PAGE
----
Kindest regards,

Nicola Blackwood MP
Member of Parliament for Oxford West and Abingdon"
The Science & Technology Committee has, in recent days, published its report, Investigatory Powers Bill: technology issues. The report raises concerns about broad and vague definitions in the Bill and the potential impact on industry. From the conclusions and recommendations -
"1.While we are encouraged to learn of the Government’s ongoing engagement with the internet industry, there seems still to be confusion about the extent to which ‘internet connection records’ will have to be collected. This in turn is causing concerns about what the new measures will mean for business plans, costs and competitiveness...
2.The Government, in seeking to future-proof the proposed legislation, has produced definitions of internet connection records and other terms which have led to significant confusion on the part of communications service providers and others. Terms such as “telecommunications service”, “relevant communications data”, “communications content”, “equipment interference”, “technical feasibility” and “reasonably practicable” need to be clarified as a matter of urgency. The Government should review the draft Bill to ensure that the obligations it is creating on industry are both clear and proportionate. Furthermore, the proposed draft Codes of Practice should include the helpful, detailed examples that the Home Office have provided to us. (Paragraph 31)...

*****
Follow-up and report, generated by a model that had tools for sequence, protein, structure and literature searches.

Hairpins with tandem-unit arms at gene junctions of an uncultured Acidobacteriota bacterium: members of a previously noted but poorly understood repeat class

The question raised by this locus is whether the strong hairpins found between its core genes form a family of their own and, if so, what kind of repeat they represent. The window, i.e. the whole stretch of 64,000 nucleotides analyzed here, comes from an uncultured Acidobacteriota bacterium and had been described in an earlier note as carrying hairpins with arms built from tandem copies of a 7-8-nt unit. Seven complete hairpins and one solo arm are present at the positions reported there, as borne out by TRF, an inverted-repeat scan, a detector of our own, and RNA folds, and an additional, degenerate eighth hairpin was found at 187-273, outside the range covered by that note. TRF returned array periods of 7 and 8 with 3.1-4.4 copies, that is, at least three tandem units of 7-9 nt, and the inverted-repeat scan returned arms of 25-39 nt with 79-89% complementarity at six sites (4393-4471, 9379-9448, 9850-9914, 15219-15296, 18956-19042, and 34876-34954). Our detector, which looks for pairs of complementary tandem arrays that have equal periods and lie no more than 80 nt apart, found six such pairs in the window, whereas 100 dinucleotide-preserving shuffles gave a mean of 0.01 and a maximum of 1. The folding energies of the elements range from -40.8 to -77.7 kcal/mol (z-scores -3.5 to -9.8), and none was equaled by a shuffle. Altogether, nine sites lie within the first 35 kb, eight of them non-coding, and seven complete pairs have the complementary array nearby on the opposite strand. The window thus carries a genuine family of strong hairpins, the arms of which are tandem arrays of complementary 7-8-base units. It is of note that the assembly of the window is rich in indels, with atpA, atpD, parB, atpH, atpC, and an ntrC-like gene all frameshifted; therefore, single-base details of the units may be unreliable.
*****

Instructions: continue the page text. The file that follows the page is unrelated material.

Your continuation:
6.As ever, the fight against serious crime should be appropriately balanced with the requirement to protect and promote the UK’scommercial competitiveness. We believe the industry case regarding public fear about ‘equipment interference’ is well founded. The Investigatory Powers Commissioner should carefully monitor public reaction to this power and the Government should stand ready to refine its approach to ‘equipment interference’ if these fears are realised. Taking into account security considerations, the Investigatory Powers Commissioner should report to the public on the extent to which such measures are used. (Paragraph 51) ...
7.Given the speed with which this legislation must be in force, the Government must work with industry to improve estimates of all of thecompliance costs associated with the measures in the draft Bill, for meeting ICR-related and other obligations, as a matter of urgency. Should the measures in the draft Bill come into force, it will be important for Parliament to have access to information on actual costs incurred in order to assess the proportionality and economic impact of the investigatory powers regime and its effectiveness. (Paragraph 65)
8.Larger CSPs may be able to take some assurance from the Government’s commitment to meet their “reasonable” costs and avoid putting any affected businesses “at commercial disadvantage”. However, smaller CSPs may not be certain that they will be served with a notice tocollect ICRs and, if they do have to, whether their costs will in fact meet the Government’s ‘reasonable costs’ criteria for reimbursement. The Government should reconsider its reluctance for including in the Bill an explicit commitment that Government will pay the full costs incurred by compliance. (Paragraph 66)"